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GCC embraces power of sour

Demand for sour gas in the region is on the rise and the UAE, with its pioneering projects in Abu Dhabi, is leading the bloc in sour gas production

The UAE's Shah gas project is by far the most productive in the country, if not the GCC.
The UAE's Shah gas project is by far the most productive in the country, if not the GCC.

Driven predominantly by demand for power and infrastructure needs, sour gas projects in the GCC have mushroomed over the years.

However, the utility of sour gas – demand for which is expected to double in the region in the ‘coming years’ as per an industry estimate – is not just limited to electricity generation. The high quality sulphur, which is produced as a by-product from sour gas, is also vital to a range of industries, from pharmaceuticals to garments, experts say.

“Sour gas is ultimately natural gas that contains significant H2S (hydrogen sulphide) and/or CO2. Once produced, sour gas is processed by separating out the H2S / CO2. The output is natural gas that can be used as a fuel source in power and energy intensive industries, or as a feedstock in petrochemicals. The supply and demand principles of sour gas are the same as those of natural gas,” Saji Sam, partner at Oliver Wyman, a consultancy firm, said.

Despite declining global crude oil prices, GCC governments and NOCs alike are pressing ahead with their plans of increasing sour gas production. ‘The UAE, in particular, is becoming the centre of international sour gas conditioning and despite oil price fluctuations sees no serious downturn in technical activity’, organisers of the Sour Oil & Gas Advanced Technology (SOGAT) say on its website.

The UAE is undoubtedly leading the bloc when it comes to the sour gas sector, and the number of projects the country has initiated to produce sour gas from the rich fields in Abu Dhabi, are surely ‘pioneering’. “We are very happy with the current level of production in our fields, Shah Gas being one of them. I think there is room to grow in this business,” H E Suhail Mohamed Al Mazrouei, UAE Minister of Energy, told Oil & Gas Middle East during ADIPEC in November. When asked about the UAE’s plans of investing in more sour gas projects in future, he said, “That is a question you could ask ADNOC.”

Truly the Abu Dhabi National Oil Company (ADNOC) is right at the forefront of the UAE’s industrious sour gas sector and its Shah gas project is by far the most productive in the country, if not the GCC. The project located in the Western Region of the emirate of Abu Dhabi and about 210km southwest of Abu Dhabi city, has been developed by Al Hosn Gas, a 60-40 joint venture between ADNOC and American giant Occidental Petroleum.

In October this year the Shah gas project - which was producing 500mn cubic feet (mcf) of gas per day, containing about 25% of H2S - hit optimum capacity and observers said it would ‘contribute significantly to the energy needs of the UAE for over 30 years’. “We started the project early this year and we ramped up. We are in now full production of one billion cubic feet (bcf) per day,” Saif Ahmad Al Gafli, CEO, Al Hosn Gas, said at the time.

Oil and gas industry services provider Honeywell has one of the biggest installations in Al Hosn Gas. “The project is successfully up and running. Honeywell has worked very closely with Al Hosn since early days. Considering the challenges of sour gas production, we wanted to make sure that we are part of every stage of the project’s (Shah gas) development.

More than a customer-vendor relationship it was more of a close partnership,” Yiannis Bessiris, Regional Business Leader - Advanced Solutions, Honeywell, told Oil & Gas Middle East.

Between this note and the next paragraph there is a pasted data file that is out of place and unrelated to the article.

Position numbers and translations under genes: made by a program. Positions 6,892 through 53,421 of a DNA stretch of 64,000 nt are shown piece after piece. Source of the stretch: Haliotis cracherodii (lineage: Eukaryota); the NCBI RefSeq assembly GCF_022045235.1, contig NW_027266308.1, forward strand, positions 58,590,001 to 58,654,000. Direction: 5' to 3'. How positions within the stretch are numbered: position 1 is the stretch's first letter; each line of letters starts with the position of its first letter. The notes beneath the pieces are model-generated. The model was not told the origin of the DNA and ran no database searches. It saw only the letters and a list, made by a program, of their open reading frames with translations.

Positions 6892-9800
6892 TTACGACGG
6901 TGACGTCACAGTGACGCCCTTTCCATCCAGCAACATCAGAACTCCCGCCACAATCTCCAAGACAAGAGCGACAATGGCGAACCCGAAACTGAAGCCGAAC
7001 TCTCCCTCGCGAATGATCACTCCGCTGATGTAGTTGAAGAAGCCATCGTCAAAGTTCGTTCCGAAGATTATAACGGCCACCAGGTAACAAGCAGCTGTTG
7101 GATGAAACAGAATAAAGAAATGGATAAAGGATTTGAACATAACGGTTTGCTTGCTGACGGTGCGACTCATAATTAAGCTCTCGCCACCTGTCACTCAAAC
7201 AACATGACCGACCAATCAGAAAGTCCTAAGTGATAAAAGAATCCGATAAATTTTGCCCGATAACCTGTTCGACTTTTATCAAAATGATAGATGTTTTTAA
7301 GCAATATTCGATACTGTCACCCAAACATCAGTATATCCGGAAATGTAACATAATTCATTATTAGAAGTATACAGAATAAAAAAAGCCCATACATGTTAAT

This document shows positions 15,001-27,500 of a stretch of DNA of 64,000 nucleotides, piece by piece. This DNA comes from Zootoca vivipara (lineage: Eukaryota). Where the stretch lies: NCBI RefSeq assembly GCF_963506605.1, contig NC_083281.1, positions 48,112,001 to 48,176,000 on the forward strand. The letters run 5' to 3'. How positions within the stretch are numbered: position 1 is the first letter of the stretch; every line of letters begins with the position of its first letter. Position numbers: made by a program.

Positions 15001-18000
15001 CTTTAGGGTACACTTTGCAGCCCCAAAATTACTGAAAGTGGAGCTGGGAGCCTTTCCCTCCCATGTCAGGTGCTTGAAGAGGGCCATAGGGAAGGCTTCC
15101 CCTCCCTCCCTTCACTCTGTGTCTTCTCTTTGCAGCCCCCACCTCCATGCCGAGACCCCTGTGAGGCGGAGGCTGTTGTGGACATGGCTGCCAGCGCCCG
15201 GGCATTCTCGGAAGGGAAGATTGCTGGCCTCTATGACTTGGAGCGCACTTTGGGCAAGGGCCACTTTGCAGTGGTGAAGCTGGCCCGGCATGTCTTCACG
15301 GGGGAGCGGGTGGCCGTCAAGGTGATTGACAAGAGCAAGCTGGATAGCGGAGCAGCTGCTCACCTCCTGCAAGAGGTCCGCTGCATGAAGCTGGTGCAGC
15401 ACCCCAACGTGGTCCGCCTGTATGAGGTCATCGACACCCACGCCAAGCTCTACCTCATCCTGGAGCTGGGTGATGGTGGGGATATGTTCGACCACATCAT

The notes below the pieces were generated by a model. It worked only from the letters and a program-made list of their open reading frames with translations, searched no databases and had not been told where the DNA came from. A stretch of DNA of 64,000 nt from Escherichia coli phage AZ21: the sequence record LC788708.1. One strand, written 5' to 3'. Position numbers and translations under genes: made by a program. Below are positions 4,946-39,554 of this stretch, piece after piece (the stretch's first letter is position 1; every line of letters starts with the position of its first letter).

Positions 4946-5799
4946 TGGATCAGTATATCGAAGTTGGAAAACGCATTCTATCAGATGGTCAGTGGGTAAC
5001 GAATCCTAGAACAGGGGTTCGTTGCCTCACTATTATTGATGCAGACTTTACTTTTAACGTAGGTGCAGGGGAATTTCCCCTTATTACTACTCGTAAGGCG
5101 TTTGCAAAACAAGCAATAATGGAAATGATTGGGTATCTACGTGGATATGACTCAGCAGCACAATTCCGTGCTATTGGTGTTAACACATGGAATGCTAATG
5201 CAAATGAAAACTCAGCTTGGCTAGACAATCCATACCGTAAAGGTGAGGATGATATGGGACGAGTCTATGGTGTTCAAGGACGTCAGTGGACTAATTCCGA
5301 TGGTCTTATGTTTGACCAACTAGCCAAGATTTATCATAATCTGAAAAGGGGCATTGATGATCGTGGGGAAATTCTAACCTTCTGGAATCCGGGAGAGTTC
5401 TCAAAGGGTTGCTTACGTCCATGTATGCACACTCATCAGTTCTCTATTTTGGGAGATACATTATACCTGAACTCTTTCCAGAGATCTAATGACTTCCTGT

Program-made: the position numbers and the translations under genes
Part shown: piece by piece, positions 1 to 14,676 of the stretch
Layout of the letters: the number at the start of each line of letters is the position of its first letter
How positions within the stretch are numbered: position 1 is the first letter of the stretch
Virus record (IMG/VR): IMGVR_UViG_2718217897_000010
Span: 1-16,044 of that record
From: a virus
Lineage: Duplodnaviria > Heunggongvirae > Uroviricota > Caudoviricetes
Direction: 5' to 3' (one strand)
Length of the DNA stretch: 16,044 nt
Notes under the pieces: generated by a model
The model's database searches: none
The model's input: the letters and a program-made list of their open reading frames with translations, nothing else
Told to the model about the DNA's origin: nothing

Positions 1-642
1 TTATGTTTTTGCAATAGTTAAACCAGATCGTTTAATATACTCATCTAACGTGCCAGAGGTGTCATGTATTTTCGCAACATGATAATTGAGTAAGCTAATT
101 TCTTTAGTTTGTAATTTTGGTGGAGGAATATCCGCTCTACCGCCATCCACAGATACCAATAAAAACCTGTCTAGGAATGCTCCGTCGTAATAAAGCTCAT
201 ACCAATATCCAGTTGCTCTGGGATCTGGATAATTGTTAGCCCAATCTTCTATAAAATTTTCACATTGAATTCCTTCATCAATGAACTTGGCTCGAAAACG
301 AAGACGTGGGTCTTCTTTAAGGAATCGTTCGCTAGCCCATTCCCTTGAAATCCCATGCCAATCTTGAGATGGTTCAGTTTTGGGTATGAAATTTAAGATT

“It gave the benefits. The project came online on time. There was operational excellence from Day 1. We are proud that we did that and about our partnership with ADNOC,” Bessiris said.

Apart from the Shah Gas field, ADNOC’s Shuwaihat gas field is another of its primary reserves of sour gas, currently in the nascent stages of production. ADNOC is developing the field - located 25km west of Ruwais in the Western Region of Abu Dhabi emirate – along with Austria’s OMV, and has earlier this year also taken on board German oil and gas producer Wintershall.

The Shuwaihat condensate field, which contains an estimated 20% of H2S in its gas, is the first major contract in the GCC for Wintershall, a wholly-owned subsidiary of German chemical giant BASF. ADNOC has mainly collaborated with Wintershall given the latter’s expertise in working on sour gas projects.

“We are working in about ten sour gas field projects in Germany, our home turf. We also have chemical drilling expertise from our parent company BASF. ADNOC has been picking their partners quite carefully and has put their trust on us. Therefore it was a milestone for us,” Mario Mehren, Wintershall’s CEO, told Oil & Gas Middle East during ADIPEC.

“We have finished the first appraisal well. We are about to start the second, which is going to be an offshore well; a first for Abu Dhabi,” Mehren revealed.

With regards to the update on the status of the Shuwaihat project, Uwe Salge, general manager Middle East, Wintershall, further elaborates: “At this stage we are happy with the results. Next year we will start with the second appraisal well which we expect to complete by 2017, which is when we will go for Shuwaihat 6 and then later on Shuwaihat 7. We will have little analysis phases in between. As we know that producing sour gas has its complexities, we need to complete a sequence of wells to fully understand what volumes are behind this. That would determine the development concept which we will plan in 2017.”

It is widely known that producing sour gas, especially in the GCC, is an expensive affair and involves the use of chemical methods. With regards the cost of the Shuwaihat project, Mehren said, “Producing sour gas is challenging and has to be done in a manner that is profitable to both companies (ADNOC and Wintershall). It is too early to talk about costs. We have just find with the first appraisal well, we have to finalise the analysis of that. We are more on the technical phase of evaluating, of getting to know the reservoir, the conditions that we have them. After that we talk about development and only then can we have an idea about costs.”